Concerning embryo research, this view leads one to avoid what are perceived as two extremes – a total ban on research using human embryos in vitro, and the total absence of restrictions of research. The so-called 14-day rule was seen by committees as policy for embryo research that was both a pragmatically useful and conciliatory.
Arguments for changing the regulation
The main argument being advanced for changing the rule is that there are immense scientific benefits to broadening the scope of embryo research. In classic utilitarian style, proponents of this argument emphasize that there is much to be learnt from embryo experimentation beyond the 14-day mark, and the promises of this research outweigh any countervailing considerations.
University of Manchester bioethicist John Harris, for example, argued in Guardian that a switch to a 21-day deadline would allow scientists to better understand miscarriages and the possibilities of using stem cells to treat diseases:
“The overwhelming consensus of scientific opinion, as of this week, is that much of considerable scientific and therapeutic importance can be learned by extending the 14-day limit for a further week, to 21 days …”
Harris claims that the potential negative effects of such research are negligible, and should not weigh heavily in our calculus.
Another argument, quite different from the utilitarian claim, is what we might profitably call the sociological argument: social values have changed so dramatically that it is appropriate to change the law as well – and this particularly if our laws are intended to be a “compromise” between rival viewpoints. If indeed our original embryo research policy was intended to be a sort of compromise between rival viewpoints and the interests of science, then perhaps it is appropriate that we adjust the conciliatory regulations to fit with changing social morality as well as new goals in science.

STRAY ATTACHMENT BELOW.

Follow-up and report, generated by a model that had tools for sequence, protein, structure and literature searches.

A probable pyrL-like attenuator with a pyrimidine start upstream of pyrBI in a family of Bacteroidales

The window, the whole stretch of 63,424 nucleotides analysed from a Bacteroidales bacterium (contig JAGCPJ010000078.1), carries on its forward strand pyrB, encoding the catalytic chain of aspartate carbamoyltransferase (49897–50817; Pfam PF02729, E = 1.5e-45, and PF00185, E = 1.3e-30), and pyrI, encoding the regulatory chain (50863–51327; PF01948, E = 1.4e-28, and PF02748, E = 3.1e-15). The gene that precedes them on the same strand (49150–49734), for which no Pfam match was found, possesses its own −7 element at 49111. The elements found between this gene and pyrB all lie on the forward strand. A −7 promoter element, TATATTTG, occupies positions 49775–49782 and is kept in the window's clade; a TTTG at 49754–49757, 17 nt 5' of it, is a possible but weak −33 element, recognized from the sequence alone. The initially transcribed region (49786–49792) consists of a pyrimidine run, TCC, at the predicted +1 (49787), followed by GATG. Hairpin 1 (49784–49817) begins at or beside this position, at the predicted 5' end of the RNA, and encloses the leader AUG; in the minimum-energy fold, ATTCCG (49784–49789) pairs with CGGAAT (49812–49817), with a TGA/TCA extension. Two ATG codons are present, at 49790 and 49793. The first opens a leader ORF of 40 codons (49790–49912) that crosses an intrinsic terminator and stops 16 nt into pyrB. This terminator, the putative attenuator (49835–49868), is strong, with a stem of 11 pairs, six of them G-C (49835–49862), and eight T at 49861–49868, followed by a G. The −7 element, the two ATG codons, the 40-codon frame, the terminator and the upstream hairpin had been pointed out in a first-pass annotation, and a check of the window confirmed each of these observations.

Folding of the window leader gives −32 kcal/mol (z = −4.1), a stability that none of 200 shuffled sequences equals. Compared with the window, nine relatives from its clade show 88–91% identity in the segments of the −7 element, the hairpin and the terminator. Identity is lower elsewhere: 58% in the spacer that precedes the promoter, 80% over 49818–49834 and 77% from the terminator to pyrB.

Writing recently in Nature, three respected US bioethicists advanced a variant of this argument:
“The 14-day rule was never intended to be a bright line denoting the onset of moral status in human embryos. Rather, it is a public-policy tool designed to carve out a space for scientific inquiry and simultaneously show respect for the diverse views on human-embryo research …”
Harris suggested that the original regulation was based on an outmoded an arcane view about ensoulment and embryos: “the time has come,” Harris suggests, “to change the rules to enable research that is fully consistent with our values.”
An alternative view
The prevailing view at the moment is that the flaws of the 14-day rule give reason to augment the time allowed for experimentation. Yet it is peculiar that few have considered the opposite conclusion.
Bioethicists who subscribe to the so-called “potentials” view may very well suggest that the arbitrary law gives reason to restrict rather than liberalise our regulations. Indeed, this is the view of bioethicists like Reverend Tadeusz Pacholczyk of the US National Catholic Bioethics Center, who argues that the original law only paid “lip service to the moral status of the human embryo.”
On this view it is the moment of conception in which a human being comes into existence, and thus any experimentation on human embryos, with the view to terminating those embryos, is illicit.
I am very sympathetic to the latter view, though no doubt many, if not most, would take issue with it. Pragmatically, there is one procedural observation about law reform that hopefully everyone can agree on: if any medico-ethical legislative reform is considered, there is need for widespread and extended consultation with professionals involved in healthcare as well as ethicists, legal experts and the general public.
It was alarming to see how hastily the UK Human Fertility and Embryology Authority authorised gene-editing research on human embryos. Hopefully more time is given when it comes for Australia to consider the ethical implications of new developments in embryology research.
Xavier Symons is deputy editor of BioEdge and a research associate with the Institute for Ethics and Society at the University of Notre Dame, Australia. This article has been republished from the ABC website with the permission of the author.